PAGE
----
Chad has a Bachelor’s Degree in Business with a Minor in Real Estate from the University of Cincinnati. He is working to educate his two teenagers in the passive investing world. In his spare time he likes to golf, kayak, and check out the local brewery scene.

Ryan Steig

Chief Financial Officer, Founder

Ryan Stieg started down the path of passive investing like many of us did, after he picked up a little purple book called Rich Dad, Poor Dad. The problem was that he did that in college and didn’t take action to start investing passively until many years later when that itch to invest passively crept back up.

Ryan became an accidental landlord after moving from Phoenix back to Montana in 2007, a rental he kept until 2016 when he started investing more intentionally. Since 2016, Ryan has focused (or should we say lack thereof) on all different kinds of investing, always returning to real estate and business as his mainstay. Ryan has a small portfolio of one-to-three-unit rentals across four different markets in the US. He has also invested in over fifty real estate syndication investments individually or with an investment group or tribe. Working to diversify in multiple asset classes, Ryan invests in multi-family, note funds, NNN industrial, retail, office, self-storage, online businesses, start-ups, and several other asset classes that further cement his self-diagnosis of “shiny object syndrome”.

However, with all of those reaches over the years, Ryan still believes in the long-term success and tenets of passive, cash-flow-focused investing with proven syndicators and shared knowledge in investing.

When he’s not working with LFI or on his personal passive investments, he recently opened a new Club Pilates franchise studio after an insurance career. Outside of that, he can be found with his wife watching whatever sport one of their two boys is involved in during that particular season.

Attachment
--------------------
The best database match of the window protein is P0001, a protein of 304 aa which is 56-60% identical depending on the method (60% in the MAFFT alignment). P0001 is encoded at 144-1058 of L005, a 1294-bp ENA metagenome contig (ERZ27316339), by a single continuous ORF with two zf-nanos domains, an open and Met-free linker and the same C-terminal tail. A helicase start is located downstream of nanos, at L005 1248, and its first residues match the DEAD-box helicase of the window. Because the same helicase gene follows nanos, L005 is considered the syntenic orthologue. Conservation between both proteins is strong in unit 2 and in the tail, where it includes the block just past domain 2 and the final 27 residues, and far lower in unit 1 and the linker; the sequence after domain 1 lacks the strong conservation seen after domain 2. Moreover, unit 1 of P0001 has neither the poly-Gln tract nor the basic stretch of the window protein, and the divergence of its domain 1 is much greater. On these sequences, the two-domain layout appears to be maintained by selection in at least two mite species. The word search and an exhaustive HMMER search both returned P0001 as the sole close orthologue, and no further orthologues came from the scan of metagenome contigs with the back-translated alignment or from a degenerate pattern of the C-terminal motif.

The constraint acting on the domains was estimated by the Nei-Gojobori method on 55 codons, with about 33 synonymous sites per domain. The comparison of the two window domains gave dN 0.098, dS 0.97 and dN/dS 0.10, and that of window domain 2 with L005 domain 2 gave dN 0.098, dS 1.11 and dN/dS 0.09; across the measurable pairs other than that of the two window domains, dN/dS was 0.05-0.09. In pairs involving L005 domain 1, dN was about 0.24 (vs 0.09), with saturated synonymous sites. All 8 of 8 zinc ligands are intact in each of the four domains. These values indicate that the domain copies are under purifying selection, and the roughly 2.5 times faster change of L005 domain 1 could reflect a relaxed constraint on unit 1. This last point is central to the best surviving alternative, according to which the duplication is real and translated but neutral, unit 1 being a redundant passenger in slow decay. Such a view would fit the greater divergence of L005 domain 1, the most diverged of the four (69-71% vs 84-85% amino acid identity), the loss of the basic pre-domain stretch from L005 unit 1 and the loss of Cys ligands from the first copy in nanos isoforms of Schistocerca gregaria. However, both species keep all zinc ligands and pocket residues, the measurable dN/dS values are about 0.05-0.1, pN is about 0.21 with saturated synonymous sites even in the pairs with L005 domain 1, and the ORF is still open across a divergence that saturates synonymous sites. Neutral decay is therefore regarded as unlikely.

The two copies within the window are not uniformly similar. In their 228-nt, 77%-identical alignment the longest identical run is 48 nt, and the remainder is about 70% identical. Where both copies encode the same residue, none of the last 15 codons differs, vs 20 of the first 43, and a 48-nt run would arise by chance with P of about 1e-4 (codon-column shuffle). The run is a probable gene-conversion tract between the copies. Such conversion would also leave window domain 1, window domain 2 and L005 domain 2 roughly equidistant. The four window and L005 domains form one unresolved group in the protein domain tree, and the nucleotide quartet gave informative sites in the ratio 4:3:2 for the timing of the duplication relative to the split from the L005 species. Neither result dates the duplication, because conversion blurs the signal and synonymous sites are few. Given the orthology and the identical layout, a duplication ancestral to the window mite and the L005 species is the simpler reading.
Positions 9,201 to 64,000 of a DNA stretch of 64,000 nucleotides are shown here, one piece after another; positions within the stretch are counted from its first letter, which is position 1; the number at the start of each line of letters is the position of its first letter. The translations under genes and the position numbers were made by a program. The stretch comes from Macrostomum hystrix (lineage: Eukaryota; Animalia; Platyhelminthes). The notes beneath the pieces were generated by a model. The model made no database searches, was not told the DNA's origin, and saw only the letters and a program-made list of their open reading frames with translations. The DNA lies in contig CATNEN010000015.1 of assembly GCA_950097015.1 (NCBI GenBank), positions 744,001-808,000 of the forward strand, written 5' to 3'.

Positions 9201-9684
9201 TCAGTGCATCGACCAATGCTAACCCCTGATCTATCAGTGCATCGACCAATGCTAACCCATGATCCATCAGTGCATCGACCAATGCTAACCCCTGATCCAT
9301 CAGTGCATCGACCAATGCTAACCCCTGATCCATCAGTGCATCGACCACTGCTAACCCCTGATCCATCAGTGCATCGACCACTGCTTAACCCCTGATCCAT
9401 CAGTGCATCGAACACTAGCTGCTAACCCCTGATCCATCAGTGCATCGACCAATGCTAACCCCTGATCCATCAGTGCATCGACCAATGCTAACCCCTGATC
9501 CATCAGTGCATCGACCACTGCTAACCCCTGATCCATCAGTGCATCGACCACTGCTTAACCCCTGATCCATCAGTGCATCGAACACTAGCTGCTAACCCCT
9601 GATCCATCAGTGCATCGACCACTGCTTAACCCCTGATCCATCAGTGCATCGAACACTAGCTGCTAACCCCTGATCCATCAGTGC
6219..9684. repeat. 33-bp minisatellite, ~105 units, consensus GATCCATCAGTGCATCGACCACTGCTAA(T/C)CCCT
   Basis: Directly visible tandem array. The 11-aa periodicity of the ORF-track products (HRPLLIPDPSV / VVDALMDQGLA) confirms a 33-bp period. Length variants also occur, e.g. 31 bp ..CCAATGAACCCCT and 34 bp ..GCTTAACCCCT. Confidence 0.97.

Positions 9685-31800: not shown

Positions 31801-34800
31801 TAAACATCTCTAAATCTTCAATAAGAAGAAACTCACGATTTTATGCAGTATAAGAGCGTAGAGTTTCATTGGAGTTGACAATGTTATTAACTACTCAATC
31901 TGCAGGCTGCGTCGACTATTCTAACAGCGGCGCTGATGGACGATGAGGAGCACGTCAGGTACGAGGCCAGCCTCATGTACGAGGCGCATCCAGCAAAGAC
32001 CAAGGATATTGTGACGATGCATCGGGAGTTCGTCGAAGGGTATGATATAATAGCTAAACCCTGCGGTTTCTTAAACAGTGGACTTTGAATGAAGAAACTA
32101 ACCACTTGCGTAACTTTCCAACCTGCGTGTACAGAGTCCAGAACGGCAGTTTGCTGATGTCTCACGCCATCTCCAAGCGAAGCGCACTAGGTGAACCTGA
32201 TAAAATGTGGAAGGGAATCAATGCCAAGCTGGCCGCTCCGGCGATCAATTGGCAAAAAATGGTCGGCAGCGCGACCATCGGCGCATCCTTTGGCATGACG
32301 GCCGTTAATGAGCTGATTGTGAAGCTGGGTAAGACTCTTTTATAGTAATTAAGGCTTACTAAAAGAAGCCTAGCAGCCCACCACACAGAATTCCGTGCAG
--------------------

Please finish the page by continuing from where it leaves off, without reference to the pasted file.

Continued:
Steve Suh

Chief Content Officer, Founder

Steve Suh, one of the founders of Left Field Investors and its Chief Content Officer, has been involved with real estate and alternative assets since 2005. Like many, he saw his net worth plummet during the two major stock market crashes in the early 2000s. Since then, he vowed to find other ways to invest his money. Reading Rich Dad, Poor Dad gave Steve the impetus to learn about real estate investing. He first became a landlord after purchasing his office condo. He then invested passively as a limited partner in oil and gas drilling syndications but quickly learned the importance of scrutinizing sponsors when he stopped getting returns after only a few months. Steve came back to real estate by buying a few small residential rentals. Seeing that this was not easily scalable, he searched for alternative ideas. After listening to hundreds of podcasts and attending numerous real estate investing meetings, he determined that passively investing in real estate syndications was the best avenue to get great, risk-adjusted returns. He has invested in dozens of syndications involving apartment buildings, self-storage facilities, resort properties, ATMs, Bitcoin mining funds, car washes, a coffee farm, and even a Broadway show.